What are the 4 types of incontinence?
According to the National Institutes of Health, urinary incontinence is a common problem affecting between 3 and 17 percent of women and 3 and 11 percent of men. The Centers for Disease Control (CDC) states that number can jump to 50 percent in women and 25 percent in men once they reach the senior years. It’s a common misconception among patients that all urinary incontinence is the same, or that it is just a normal part of aging. It can be a very bothersome problem which does have solutions!
However, four distinct types exist that each occurs from different causes and affects people in unique ways. We outline the four primary types of urinary incontinence below.
This type of urine leakage frequently occurs with certain activities or physical movements. Common examples include:
- Getting out of a car
- Heavy lifting
- Standing up
The term stress incontinence has no relationship to any psychological stress you may be feeling. It’s also important to understand that you may not leak urine every time you engage in one of these activities. You’re most at risk of experiencing stress incontinence when your bladder is full and you put pressure on it, whether that pressure is intentional or not. This type of incontinence commonly affects women in the years after giving birth to children.
The most typical symptom with urge incontinence is the sudden onset of pressure in your bladder indicating that you need to empty it right away. With this condition, the muscles of the bladder don’t work as they should. This can cause leaking in addition to the strong urge to urinate. Common causes of urge incontinence include:
- Enlarged prostate
- Bladder infection
- Bladder inflammation
- Bladder cancer
- Bladder stones
- Idiopathic (which means we can’t put a finger on why it’s happening to you, but it is bothersome still!)
- Nervous system diseases such as multiple sclerosis
- Nervous system injuries such as stroke or spinal cord trauma
- Bladder cancer
- Prostate cancer
- Interstitial cystitis (a chronic bladder inflammatory condition)
People with overflow incontinence usually have no trouble recognizing the need to urinate or getting to the bathroom on time. Their main problem is that they cannot empty their bladder completely when urinating. These patients usually walk around with their bladders already full almost to capacity, like a person carrying a coffee filled to the brim, occasionally small amounts leak out. Many patients and urologists refer to this problem as urine dribbling. Other common issues with overflow incontinence include getting up often at night to use the toilet, difficulty starting the urine stream, a weak urine stream, and frequent bladder infections.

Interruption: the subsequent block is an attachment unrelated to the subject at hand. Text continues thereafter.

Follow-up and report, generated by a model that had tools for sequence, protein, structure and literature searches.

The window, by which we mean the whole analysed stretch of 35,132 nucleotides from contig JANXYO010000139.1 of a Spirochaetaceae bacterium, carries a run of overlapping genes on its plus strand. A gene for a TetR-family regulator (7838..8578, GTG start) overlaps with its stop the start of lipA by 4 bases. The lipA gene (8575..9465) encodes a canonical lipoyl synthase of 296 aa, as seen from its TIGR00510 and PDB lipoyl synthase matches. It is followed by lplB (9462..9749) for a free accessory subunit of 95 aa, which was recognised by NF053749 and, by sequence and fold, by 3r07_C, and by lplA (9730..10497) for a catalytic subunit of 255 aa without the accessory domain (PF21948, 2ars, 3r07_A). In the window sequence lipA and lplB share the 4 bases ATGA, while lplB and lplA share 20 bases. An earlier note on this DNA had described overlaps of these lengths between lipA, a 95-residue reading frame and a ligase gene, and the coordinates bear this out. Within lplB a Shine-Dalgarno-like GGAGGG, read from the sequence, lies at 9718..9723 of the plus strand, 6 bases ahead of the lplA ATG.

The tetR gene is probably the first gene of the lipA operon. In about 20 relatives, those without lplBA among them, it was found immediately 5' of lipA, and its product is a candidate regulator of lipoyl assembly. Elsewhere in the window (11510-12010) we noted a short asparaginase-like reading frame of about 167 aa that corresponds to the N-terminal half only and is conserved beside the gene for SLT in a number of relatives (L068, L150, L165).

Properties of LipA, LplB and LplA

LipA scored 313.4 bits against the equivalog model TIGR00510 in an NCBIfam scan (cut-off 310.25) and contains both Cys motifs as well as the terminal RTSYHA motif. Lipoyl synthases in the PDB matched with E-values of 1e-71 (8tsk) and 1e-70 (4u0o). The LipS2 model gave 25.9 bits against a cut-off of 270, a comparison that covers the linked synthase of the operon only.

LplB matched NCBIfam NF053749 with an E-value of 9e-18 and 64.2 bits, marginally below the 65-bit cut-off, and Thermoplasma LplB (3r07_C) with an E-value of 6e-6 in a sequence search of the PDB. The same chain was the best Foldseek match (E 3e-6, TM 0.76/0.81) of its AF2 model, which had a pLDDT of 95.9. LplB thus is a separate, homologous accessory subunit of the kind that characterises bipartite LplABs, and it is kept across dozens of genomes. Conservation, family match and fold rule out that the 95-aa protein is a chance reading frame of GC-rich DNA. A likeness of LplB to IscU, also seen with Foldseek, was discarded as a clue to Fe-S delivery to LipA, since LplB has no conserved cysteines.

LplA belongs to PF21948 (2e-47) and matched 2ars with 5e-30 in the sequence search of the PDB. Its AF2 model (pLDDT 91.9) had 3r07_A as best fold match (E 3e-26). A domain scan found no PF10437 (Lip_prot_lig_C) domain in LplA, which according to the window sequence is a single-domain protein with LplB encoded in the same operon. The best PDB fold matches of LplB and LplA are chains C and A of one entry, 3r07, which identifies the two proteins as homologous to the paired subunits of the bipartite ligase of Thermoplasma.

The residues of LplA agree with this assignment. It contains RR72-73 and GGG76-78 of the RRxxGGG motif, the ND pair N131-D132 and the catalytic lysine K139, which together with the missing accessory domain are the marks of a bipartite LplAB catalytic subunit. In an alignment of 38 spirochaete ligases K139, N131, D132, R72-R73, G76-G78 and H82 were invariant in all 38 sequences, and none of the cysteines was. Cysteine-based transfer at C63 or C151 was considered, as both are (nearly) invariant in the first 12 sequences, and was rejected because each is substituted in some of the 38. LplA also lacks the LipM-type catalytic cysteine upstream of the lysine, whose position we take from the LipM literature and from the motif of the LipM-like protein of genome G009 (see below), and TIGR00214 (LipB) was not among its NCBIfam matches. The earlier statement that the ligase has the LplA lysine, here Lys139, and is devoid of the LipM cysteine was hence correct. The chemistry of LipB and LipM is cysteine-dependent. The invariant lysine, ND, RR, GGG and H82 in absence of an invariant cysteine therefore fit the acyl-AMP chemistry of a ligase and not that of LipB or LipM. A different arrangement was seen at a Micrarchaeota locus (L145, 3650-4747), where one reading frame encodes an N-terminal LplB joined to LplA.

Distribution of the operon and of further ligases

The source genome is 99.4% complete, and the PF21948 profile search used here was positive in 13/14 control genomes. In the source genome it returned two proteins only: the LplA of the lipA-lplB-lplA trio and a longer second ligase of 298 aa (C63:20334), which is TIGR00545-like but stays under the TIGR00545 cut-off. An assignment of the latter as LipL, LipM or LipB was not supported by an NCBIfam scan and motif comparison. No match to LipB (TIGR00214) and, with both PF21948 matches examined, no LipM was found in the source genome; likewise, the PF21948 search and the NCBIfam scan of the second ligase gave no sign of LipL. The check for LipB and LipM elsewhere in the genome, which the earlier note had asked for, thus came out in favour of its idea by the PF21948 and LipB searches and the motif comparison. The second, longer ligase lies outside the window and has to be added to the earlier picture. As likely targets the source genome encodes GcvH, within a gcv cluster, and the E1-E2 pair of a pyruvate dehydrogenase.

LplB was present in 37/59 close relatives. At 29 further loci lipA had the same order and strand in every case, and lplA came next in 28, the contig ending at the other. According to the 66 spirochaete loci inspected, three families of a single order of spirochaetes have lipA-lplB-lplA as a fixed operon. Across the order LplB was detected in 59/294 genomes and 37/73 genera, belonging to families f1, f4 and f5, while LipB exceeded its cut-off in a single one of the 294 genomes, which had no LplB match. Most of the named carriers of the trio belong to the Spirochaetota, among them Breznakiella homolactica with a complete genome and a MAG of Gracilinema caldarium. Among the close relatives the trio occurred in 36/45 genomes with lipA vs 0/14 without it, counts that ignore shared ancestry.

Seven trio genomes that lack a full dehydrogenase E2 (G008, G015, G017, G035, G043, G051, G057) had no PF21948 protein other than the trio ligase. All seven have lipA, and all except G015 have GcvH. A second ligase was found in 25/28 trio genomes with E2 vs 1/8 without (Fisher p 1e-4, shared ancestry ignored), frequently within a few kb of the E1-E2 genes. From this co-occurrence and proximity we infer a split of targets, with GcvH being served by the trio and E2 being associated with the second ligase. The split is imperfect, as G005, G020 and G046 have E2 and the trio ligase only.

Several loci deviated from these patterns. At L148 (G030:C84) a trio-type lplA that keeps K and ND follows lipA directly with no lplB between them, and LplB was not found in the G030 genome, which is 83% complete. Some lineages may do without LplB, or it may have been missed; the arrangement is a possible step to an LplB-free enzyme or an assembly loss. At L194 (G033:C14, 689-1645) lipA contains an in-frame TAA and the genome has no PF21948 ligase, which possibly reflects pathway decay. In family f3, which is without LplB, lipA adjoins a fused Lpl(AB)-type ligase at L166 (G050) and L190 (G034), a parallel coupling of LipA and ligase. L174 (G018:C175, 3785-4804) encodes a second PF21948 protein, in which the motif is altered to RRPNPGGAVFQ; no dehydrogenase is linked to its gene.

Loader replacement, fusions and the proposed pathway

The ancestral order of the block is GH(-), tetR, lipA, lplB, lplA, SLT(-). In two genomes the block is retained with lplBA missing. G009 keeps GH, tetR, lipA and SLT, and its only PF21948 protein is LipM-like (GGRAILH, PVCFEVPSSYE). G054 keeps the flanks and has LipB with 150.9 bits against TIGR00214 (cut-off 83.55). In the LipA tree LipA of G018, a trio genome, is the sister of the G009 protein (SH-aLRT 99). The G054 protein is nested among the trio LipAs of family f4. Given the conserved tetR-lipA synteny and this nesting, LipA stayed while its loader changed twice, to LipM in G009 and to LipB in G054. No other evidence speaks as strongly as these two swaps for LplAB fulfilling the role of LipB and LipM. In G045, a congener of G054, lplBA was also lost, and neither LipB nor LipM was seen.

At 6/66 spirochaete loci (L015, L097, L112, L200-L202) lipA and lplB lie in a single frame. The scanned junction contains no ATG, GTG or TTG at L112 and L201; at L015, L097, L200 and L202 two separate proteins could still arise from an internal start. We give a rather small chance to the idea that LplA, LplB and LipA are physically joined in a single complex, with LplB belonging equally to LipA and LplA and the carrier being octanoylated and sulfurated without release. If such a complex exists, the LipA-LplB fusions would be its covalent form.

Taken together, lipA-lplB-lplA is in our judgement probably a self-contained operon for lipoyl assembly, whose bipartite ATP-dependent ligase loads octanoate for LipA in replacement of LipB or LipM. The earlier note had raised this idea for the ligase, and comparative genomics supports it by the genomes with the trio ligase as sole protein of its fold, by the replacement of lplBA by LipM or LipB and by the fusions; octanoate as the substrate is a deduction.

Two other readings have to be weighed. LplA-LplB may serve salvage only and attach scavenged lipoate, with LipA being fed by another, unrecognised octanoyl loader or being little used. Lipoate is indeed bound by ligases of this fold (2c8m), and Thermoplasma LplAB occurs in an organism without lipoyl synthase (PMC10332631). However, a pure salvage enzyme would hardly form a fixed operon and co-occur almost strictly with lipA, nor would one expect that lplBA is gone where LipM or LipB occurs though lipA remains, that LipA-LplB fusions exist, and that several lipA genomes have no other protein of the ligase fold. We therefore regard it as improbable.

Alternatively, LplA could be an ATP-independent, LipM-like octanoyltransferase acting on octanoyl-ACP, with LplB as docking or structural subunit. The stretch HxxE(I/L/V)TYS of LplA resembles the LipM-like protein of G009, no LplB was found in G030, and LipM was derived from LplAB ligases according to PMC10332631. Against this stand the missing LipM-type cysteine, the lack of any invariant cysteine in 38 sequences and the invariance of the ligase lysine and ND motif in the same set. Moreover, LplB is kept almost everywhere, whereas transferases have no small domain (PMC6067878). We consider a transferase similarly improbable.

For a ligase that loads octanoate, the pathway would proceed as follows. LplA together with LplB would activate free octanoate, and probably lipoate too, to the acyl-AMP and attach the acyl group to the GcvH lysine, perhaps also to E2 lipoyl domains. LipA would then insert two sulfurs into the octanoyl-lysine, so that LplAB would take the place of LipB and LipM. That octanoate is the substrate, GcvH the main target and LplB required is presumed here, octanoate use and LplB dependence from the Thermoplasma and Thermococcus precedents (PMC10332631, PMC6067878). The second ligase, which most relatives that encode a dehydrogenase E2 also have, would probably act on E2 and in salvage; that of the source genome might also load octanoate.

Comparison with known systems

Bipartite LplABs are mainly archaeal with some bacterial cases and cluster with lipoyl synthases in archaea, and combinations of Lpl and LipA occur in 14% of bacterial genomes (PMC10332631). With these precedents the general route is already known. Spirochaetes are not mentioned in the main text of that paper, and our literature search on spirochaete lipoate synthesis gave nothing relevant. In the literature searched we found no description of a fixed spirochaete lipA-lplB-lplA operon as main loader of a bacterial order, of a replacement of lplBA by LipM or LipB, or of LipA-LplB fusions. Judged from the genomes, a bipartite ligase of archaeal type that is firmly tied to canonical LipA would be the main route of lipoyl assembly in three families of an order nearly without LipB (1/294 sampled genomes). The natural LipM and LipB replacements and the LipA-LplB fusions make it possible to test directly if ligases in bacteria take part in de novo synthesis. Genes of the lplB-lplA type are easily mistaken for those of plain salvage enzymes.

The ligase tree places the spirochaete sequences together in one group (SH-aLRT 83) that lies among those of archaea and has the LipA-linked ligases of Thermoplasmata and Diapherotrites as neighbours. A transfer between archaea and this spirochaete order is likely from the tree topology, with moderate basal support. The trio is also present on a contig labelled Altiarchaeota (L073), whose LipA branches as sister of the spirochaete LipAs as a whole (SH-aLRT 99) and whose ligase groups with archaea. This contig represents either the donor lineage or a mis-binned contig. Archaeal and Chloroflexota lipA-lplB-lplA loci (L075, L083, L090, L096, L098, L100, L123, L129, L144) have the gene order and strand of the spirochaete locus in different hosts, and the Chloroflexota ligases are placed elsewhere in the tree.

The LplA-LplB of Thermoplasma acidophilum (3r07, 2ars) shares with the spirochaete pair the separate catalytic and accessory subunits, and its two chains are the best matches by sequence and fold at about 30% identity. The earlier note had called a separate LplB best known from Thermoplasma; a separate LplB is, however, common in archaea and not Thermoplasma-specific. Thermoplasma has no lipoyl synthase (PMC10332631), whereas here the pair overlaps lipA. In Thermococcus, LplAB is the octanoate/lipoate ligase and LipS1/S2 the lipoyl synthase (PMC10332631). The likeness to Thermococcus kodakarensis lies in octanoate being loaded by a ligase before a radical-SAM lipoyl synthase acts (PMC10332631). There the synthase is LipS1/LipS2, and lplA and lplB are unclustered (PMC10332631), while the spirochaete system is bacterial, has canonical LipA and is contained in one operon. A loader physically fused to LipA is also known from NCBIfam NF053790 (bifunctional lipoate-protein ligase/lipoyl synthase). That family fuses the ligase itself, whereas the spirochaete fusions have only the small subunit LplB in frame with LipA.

This type of incontinence is more common in men than in women. Typical causes include:
- Enlarged Prostate
- Effects of certain medications
- History of pelvic surgery
- Prolapse of the bladder or weakening of the pelvic floor in women
When you have functional incontinence, you may not always realize that you need to use the bathroom. Even when you do recognize the urge, you may not understand how to get yourself into the best position on the toilet or even where to find one. The most common causes of this type of urinary incontinence include:
- Dementia, intellectual disabilities, or other cognitive issues
- Environmental barriers that prevent finding a restroom or getting to one on time
- Muscular limitations such as arthritis
- Neurological limitations such as Parkinson’s disease
- Poor vision
- Psychological issues such as severe anxiety
Of all incontinence types, people with functional incontinence are most likely to have a serious medical condition. It’s also most common among the aging population that may already struggle with memory and mobility issues.
Regardless of which type of urinary incontinence you suspect you have, the first thing to do is schedule an appointment with a urologist. This is a medical doctor specializing in dysfunction and disease of the urinary system. He or she will work with you to find the best possible way of improving your urinary health, in a patient-centric model. Treatment possibilities include medication, at-home exercises, lifestyle changes, or occasionally surgery or procedures when other methods fail to bring adequate relief.
Contact us today. We would love to help.